What is missing from the Ban Bossy campaign

Does labelling a confident, assertive girl 'bossy' hold her back?
Does labelling a confident, assertive girl 'bossy' hold her back? Photo: Getty

When my daughter acts in ways that are commonly described as bossy, I cringe but bite my tongue.

I don’t want to crush her assertiveness but I’m well aware from bitter experience that this behaviour in girls and women comes at a price. I’m constantly battling between what I know to be right and my maternal instinct to protect my daughter from social disapproval.

But now a new campaign supported by Facebook COO Sheryl Sandberg, former US Secretary of State Condoleezza Rice and Beyonce is urging parents to do more than remain silent when our girls overstep the bounds of compliant good-girl behaviour.

The Ban Bossy campaign is urging parents to actively encourage our girls to be assertive and bold. The campaign wants to banish adjectives like ‘bossy’, ‘pushy’, ‘stubborn’ and ‘know-it-all’ from our vocabulary. Such words are used to discipline girls’ behaviour — behaviour, which, if exhibited by boys, would be encouraged as a sign of leadership.

As the campaign site explains ‘When a little boy asserts himself, he's called a “leader.” Yet when a little girl does the same, she risks being branded “bossy.” Words like bossy send a message: don't raise your hand or speak up.’

The Ban Bossy campaign is close to home for me. When I was a management consultant I was repeatedly told in performance reviews that I ‘come across as too intimidating’, as one account director put it.

‘Do I intimidate you?’, I asked him. 

‘Of course not, but you do intimidate the other account directors,’ he said.

I then asked all the other account directors if I intimidated them, and they each replied, ‘Of course not, but you do intimidate the other account directors.’

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It crossed my mind at the time that perhaps my feedback wouldn’t have been so negative if I’d been a man. Some men build their careers on being intimidating. It was clear to me that women in the workplace aren’t allowed to use the same tools that my male colleagues were not only permitted to use but rewarded for using.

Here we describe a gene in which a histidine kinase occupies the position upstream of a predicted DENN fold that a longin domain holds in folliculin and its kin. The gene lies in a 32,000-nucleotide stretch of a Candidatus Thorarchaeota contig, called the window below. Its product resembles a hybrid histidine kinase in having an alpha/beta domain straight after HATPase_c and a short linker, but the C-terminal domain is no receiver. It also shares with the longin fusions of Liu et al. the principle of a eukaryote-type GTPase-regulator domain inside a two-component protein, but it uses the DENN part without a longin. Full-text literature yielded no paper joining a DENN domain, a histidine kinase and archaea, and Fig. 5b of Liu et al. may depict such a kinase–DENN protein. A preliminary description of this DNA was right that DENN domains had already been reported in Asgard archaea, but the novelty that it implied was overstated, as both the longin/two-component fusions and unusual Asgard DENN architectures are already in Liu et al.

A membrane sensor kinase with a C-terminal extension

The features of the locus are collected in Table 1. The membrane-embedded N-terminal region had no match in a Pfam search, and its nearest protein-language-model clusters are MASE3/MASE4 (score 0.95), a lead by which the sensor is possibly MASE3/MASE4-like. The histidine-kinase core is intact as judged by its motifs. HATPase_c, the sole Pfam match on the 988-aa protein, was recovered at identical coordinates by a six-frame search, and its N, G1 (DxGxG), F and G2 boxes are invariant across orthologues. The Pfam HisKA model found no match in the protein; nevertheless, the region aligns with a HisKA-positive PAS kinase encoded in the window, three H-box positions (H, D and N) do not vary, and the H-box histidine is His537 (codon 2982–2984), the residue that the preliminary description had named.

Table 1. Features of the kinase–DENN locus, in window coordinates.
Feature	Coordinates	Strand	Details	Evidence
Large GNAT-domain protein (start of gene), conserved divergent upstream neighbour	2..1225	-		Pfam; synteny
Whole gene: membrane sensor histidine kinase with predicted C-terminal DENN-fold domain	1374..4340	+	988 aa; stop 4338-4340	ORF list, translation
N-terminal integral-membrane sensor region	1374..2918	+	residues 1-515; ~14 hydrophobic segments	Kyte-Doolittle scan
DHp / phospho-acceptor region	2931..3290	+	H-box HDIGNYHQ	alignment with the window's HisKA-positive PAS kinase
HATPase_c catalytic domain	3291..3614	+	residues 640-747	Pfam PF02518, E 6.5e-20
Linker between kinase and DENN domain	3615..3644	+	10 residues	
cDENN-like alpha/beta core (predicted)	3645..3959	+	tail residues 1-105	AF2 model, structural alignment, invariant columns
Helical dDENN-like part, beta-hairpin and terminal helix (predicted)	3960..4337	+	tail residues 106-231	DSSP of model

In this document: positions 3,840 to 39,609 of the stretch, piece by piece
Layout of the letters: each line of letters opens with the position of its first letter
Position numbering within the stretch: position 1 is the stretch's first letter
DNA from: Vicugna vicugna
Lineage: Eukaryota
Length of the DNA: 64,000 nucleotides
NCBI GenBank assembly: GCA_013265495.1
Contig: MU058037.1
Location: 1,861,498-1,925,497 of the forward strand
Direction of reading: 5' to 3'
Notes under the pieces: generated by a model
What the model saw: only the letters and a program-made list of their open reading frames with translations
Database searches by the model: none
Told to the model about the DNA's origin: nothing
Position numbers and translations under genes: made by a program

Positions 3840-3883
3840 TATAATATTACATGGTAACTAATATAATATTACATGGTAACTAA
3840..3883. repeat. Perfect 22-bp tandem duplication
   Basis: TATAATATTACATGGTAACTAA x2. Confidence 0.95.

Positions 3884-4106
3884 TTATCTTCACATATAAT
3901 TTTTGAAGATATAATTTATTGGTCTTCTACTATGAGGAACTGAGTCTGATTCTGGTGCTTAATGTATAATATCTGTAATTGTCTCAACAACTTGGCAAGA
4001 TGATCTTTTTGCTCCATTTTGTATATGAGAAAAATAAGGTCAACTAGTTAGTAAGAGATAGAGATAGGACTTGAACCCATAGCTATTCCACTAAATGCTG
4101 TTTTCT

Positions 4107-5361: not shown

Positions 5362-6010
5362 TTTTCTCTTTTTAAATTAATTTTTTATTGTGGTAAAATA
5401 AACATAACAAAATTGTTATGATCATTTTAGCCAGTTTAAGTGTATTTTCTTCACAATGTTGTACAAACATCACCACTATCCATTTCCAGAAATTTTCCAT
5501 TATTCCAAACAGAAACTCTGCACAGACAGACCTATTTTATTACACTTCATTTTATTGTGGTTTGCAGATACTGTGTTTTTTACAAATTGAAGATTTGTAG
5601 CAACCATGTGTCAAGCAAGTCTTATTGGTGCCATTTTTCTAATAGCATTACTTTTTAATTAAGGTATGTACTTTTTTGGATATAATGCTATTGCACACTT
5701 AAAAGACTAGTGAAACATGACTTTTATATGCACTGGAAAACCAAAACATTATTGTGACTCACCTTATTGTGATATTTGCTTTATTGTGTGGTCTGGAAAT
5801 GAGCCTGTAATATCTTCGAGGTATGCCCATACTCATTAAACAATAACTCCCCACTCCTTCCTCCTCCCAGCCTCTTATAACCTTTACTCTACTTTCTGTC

My experience is backed up by research showing that men are promoted for being angry and aggressive but the same behaviour can be career-limiting for women.

This leaves women in a no-win situation. Women aren't allowed to be upfront and assertive. But if they use other methods to assert themselves they’re labeled as ‘nags’ or being ‘manipulative’. And both of those alternate methods of persuasion come with their own social scorn and punishment.

While having sympathy for the Ban Bossy campaign, and longing for a world where my daughter does not have to apologise for her strong opinions or convictions, I’m not sure how much it will change things.

For example, the video accompanying the campaign carries the message ‘Change the word. And we change the future.’

Nice sentiment and all, but is it really that easy? The idea that the deeply ingrained cultural stereotypes about girls and boys — and women and men — will whither away through a spot of linguistic hygiene seems painfully optimistic.

Even if it does change the way we refer to girls’ behaviour, the Ban Bossy campaign misses a whole slice of the potential audience, namely boys and men. Looking through the campaign website, all of the materials are aimed at girls and parents (read: ‘mother’).

While women and girls might stop using the word, they’re up against a whole culture that rewards and glamorises women for being compliant. After all, the people who told me at performance reviews that I was intimidating — the corporate speak for bossy — weren’t other women. In every case it was a man.

And I’m not sure I’m ready to start taking parenting advice from an organisation endorsed by Sheryl Sandberg, Condoleeza Rice and Beyonce.

Sandberg, after all, is part of a company that only belatedly took action against pages promoting gender-based violence, and seems to think that images of women breastfeeding are offensive but beheadings are just fine. For her part, Rice seemed to have no qualms about running a war alongside a bunch of gun-toting-Christian-fundamentalist-crazies. And, lyrics and slogans aside, Beyonce’s public performances reinforce pretty much every stereotype going of women being little more than sex kittens.

But my greatest concern about the campaign is the lesson it is not teaching our daughters about resilience.

Do we really want girls to think that a mere word can hold them back? That they are so incapable of standing up against name-calling that the words need to be struck from our vocabulary?

The reality is that when it comes to gender equality we are still in the trenches. Strong women are going to face pushback for many years to come, regardless of how we edit the dictionary. Rather than protecting our girls from hurtful words, perhaps we should be toughening them up so they can take the criticism in their stride and do what they want to do anyway.

The next time my daughter is bossy, rather than staying silent, I’m going to encourage and celebrate it. And when she is inevitably labeled bossy I’ll remind her that, ‘Sticks and stones may break your bones but words will never hurt you.’

Kasey Edwards is the author of Thirty-Something And The Clock is Ticking. www.kaseyedwards.com

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